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Why Moral Failures Hurt The Church

Why Moral Failures Hurt The Church

I’m tired of the parade of posts in my feed about “Pastor so-and-so” at “Such-and-such Church” losing their ministry due to some failure of integrity in their life. We only hear about it when it’s a person of prominence, but the truth is, it happens far more than we could even fathom.

It’s painful watching professing Christians in positions of influence fall morally. It doesn’t matter if it’s a pastor, professor or a politician - it hurts to watch a leader lose the influence and ministry God has entrusted to them, due to cracks in their character. The ways in which it hurts are many, but here are the three most prominent in my mind:

1. It discourages those of us who follow their lead.

Many of us are certainly guilty of putting our leaders on a pedestal. This is an obvious pitfall to avoid for reasons we won’t get into here, but the truth is, it’s good for us to find human examples to emulate. This is why Paul told his readers to imitate His example (1 Cor 4:16). God gives us leaders to point us to Him, but also to serve as an example of how to follow Him. When our leaders fall, it leaves us disappointed and discouraged in them and in ourselves for looking to them.

2. It distracts from the attention we’re trying to draw to Jesus.

It doesn’t matter what theological, or methodological tribe they come from, it hurts the entire body of Christ when any Christian leader falls. Our goal as Christ-followers is to point a hurting world to a healing Savior. When our leaders fall, it draws the attention away from Christ and onto that person’s sin. It’s not hard to see how this hinders our mission.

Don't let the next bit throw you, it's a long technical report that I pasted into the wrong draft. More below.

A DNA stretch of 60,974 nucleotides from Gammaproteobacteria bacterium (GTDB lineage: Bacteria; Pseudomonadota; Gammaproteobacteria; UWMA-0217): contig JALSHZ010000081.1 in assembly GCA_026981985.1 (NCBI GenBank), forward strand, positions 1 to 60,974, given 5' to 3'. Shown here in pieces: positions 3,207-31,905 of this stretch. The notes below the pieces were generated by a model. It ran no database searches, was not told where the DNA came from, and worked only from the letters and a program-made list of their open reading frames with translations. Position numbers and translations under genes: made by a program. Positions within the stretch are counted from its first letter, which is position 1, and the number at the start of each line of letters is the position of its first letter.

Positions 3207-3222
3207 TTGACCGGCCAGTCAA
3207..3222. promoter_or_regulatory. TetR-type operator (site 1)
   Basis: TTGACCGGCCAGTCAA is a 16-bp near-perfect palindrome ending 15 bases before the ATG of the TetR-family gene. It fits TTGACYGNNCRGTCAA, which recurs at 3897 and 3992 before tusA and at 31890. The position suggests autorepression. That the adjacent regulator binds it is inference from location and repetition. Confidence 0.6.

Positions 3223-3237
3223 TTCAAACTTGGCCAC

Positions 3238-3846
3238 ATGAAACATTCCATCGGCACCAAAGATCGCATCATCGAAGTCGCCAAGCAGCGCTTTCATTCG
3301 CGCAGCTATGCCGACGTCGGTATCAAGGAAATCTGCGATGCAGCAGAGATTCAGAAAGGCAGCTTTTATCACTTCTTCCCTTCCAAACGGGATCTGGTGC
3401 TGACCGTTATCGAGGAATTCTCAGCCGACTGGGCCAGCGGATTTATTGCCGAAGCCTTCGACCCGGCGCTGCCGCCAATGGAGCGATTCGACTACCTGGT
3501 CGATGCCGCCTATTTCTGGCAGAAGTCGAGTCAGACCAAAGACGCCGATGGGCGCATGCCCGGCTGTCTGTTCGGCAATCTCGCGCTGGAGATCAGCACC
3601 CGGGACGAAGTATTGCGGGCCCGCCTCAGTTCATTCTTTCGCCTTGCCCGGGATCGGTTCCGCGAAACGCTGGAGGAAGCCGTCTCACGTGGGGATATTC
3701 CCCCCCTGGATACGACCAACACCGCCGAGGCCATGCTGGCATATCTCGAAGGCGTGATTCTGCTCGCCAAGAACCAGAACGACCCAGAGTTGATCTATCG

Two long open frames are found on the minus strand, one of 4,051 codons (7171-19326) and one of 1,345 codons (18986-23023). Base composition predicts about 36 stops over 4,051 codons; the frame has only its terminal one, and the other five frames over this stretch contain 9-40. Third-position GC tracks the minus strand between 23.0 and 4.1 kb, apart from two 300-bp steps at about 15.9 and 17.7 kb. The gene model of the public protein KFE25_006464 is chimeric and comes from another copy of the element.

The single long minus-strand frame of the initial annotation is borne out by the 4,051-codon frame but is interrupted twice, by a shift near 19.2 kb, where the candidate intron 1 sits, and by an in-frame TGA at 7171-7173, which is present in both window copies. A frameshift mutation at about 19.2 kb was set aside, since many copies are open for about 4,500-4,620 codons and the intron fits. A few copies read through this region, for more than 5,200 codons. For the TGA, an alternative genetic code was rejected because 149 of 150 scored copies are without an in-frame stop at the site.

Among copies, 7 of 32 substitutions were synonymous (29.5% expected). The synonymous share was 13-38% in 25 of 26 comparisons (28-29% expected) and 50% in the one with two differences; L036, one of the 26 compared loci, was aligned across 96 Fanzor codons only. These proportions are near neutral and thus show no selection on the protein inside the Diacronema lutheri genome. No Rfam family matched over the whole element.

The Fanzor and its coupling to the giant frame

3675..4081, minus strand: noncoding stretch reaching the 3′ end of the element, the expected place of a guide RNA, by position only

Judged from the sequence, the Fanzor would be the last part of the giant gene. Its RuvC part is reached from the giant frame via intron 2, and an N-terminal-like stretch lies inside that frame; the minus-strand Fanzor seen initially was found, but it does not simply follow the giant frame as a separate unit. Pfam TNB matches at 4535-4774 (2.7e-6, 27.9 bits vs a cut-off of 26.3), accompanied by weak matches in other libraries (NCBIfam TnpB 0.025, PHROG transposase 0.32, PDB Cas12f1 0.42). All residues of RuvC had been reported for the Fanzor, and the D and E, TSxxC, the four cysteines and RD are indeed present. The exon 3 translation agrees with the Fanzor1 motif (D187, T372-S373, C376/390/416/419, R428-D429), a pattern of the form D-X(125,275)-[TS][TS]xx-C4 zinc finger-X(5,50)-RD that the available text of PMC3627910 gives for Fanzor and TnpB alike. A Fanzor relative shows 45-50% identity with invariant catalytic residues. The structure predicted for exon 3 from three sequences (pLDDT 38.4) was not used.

3. It detracts from our credibility as followers of Jesus.

“Christians are all about power.”

“The only thing Christians care about is your money.”

“Christians preach principles they don’t keep themselves.”

You’ve probably heard someone say something like this. If you haven’t, you may not know any non-Christians. These are just a few of the obstacles I encounter regularly with people who don’t follow Jesus. The problem is, these obstacles have been put in their way by the actual failure of leaders who profess to follow Jesus. No Christian is perfect, but when you lead, you live with a larger responsibility. You hurt the credibility of all Christians when your character eventually crumbles under the weight of unrepentant sin.

So, what to do with all this?

First, if you’re currently struggling through the discouragement that comes from watching a leader fall, remember that Jesus never has and never will. Earthly leaders are a shadow of Jesus at best. He is our only perfect leader. Set your hope in Him and on Him and no one else.

Second, if you’re a Christian and aspire to leadership of some kind, work on the preparation of your heart twice as hard as you do your theology and leadership competency. Leaders don’t tend to fall for lack of ability to do their job. They fall because their hearts were not properly prepared.

Third, if you’re already a Christian leader of some kind, for your sake, for our sake and for Jesus’ sake, please partner with the Holy Spirit to seal up the cracks in your character because...

When a leader falls, it hurts us all.

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